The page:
United States District Court, D. Colorado
ORDER AFFIRMING AGENCY DECISION
CHRISTINE M. ARGUELLO United States District Judge
Wildearth Guardians (“Petitioner”) appeals the
administrative actions taken by Respondents Tamara Conner in
her official capacity as District Ranger, Leadville Ranger
District, San Isabel National Forest, United States Forest
Service; and the United States Forest Service
(“Service”), a federal agency of the United
States Department of Agriculture. Petitioner seeks the
reversal of the April 2014 Environmental Assessment
(“EA”) which the Service undertook for the
Tennessee Creek Project (Project”) and the related
November 13, 2014 Decision Notice (“DN”) and
Finding of No Impact Statement (“FONSI”).
Petitioner alleges that Respondents violated the National
Environmental Policy Act (“NEPA”), 42 U.S.C.
§ 4321 et seq. Petitioner's appeal is before the
Court pursuant to the Administrative Procedure Act
(“APA”), 5 U.S.C. §§ 701-706. For the
reasons described below, the Court affirms the challenged
were listed as threatened under the Endangered Species Act
(“ESA”) by the U.S. Fish and Wildlife Service
(“FWS”) in 2000. 65 Fed. Reg. 16052 (March 24,
2000). Lynx therefore received ESA protection pursuant to 16
U.S.C. § 1538(a)(1). Due to their threatened status, the
Southern Rockies Lynx Amendment (“SRLA”),
applicable to the Land and Resource Management Plan for the
Pike-San Isabel National Forest, was generated in October
2008, providing binding direction for project level decisions
in lynx habitat. (T01098). It incorporates the best-available
information on lynx. (T01062).
20, 2011, the Service proposed the Project to treat 13, 580
acres of forest (T2281-5) (Project Initiation Letter) within
the Project Area. (T10510) (Map). The purposes and needs of
the Project include the creation of forest conditions that
are more resilient to insects, diseases, and fire and the
improvement or maintenance of habitat for endangered species,
including lynx. (T10502). The Project Area includes 16, 450
acres on the Leadville and Eagle-Holy Cross Ranger Districts.
(T10501) (Map). The proposed treatments include 2, 370 acres
of regeneration harvest in lodgepole pine stands, 6, 765
acres of thinning in mature lodgepole pine stands, and 345
acres of pre-commercial thinning. (T10507). Treatments will
average 300-500 acres per year (T10502) in areas in need of
treatment and will be implemented over the next ten to
fifteen years. The Project will be implemented on some lynx
SRLA identifies the Lynx Assessment Unit (“LAU”)
as the appropriate unit for analyzing the effects of
project-level decisions on lynx habitat. (T01109). It sets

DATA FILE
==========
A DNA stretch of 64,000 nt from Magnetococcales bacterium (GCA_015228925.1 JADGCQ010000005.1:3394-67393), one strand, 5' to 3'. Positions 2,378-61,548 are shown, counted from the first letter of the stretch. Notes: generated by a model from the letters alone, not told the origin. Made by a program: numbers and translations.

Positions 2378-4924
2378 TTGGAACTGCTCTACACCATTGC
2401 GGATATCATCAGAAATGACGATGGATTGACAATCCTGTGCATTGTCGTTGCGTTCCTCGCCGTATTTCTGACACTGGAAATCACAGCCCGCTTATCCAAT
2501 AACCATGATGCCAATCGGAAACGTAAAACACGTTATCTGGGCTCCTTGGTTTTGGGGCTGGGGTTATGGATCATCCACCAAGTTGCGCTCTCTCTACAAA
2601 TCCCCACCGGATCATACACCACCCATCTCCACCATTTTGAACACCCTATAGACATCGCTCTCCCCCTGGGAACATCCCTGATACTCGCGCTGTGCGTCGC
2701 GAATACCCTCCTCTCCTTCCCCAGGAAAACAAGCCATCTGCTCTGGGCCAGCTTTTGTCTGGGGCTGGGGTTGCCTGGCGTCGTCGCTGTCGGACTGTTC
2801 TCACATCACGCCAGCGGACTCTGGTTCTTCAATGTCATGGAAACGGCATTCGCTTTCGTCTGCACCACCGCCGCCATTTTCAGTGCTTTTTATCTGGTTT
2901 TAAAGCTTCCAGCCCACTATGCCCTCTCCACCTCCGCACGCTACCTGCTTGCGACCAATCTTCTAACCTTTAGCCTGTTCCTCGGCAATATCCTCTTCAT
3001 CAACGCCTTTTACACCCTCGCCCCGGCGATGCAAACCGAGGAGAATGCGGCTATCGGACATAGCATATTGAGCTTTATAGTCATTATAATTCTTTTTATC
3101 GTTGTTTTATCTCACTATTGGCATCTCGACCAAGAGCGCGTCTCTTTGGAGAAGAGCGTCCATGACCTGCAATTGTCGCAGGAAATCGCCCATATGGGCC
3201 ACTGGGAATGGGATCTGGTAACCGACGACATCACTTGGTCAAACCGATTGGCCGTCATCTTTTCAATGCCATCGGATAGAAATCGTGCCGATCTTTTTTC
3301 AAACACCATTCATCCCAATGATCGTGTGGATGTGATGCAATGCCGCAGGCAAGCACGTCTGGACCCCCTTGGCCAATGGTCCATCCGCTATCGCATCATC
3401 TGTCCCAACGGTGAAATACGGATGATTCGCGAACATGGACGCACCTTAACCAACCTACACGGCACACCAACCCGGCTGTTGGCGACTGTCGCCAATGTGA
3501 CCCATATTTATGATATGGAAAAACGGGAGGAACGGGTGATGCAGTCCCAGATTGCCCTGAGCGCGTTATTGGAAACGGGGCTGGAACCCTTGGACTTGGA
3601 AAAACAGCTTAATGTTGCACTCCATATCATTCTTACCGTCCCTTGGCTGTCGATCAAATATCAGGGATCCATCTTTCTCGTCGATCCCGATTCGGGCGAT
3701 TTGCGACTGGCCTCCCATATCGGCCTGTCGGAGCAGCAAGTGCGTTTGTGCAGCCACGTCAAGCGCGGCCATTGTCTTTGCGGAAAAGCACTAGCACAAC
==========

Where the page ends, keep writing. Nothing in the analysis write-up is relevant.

goals, objectives, standards and guidelines that collectively
ensure that LAUs retain a sufficient quantity and
distribution of lynx habitat. LAU boundaries are designed to
provide an adequate amount and spatial distribution of
primary and secondary lynx habitat, and apply to habitat in
the aggregate. (T01218-9).
Service began its determination of the environmental impact
of the Project with an environmental assessment, pursuant to
40 C.F.R. 1501.4(b). The assessment would determine if the
Service would be required to perform an environmental impact
statement, and if not, to instead issue a “finding of
no impact statement” (“FONSI”), 40 C.F.R.
1504(b); 40 C.F.R. 1508.9(a)(1).
a draft EA was not required, on December 17, 2013, the
Service distributed one. 43 C.F.R. § 46.305(a) required
the Service to “provide for public notification and
public involvement” in the preparation of its EA, and
vested it with discretion to determine the methodology used.
Consistent therewith, on December 19, 2013, the Service
published a notice announcing a 30-day comment period on the
U.S.C. § 1536(a) required the Service to consult with
FWS to ensure that the Project would not be likely to
jeopardize the lynx or its habitat. On December 10, 2013, the
Service prepared a draft Biological Assessment
(“BA”) for the FWS to review as part of its
consultation to analyze the effects of the Project on lynx.
(T06255-322). The BA concluded that the Project is “not
likely to adversely affect” lynx. (T06302). After
receiving comments from FWS on the draft BA and public
comments on the draft EA, on March 14, 2014, the Service
revised the BA (T06515-76) and it again concluded that the
Project is “not likely to adversely affect” the
lynx. (T06566). The Service resubmitted the revised BA to
FWS. On July 14, 2014, FWS concurred with the BA's
conclusion, stating that the Project “may affect, but
is not likely to adversely affect the Canada Lynx”
(T06587) and that “no critical habitat for the lynx
will be affected.” Id.
Service developed three alternatives for detailed
consideration in the EA. (T10506-34). A no-action alternative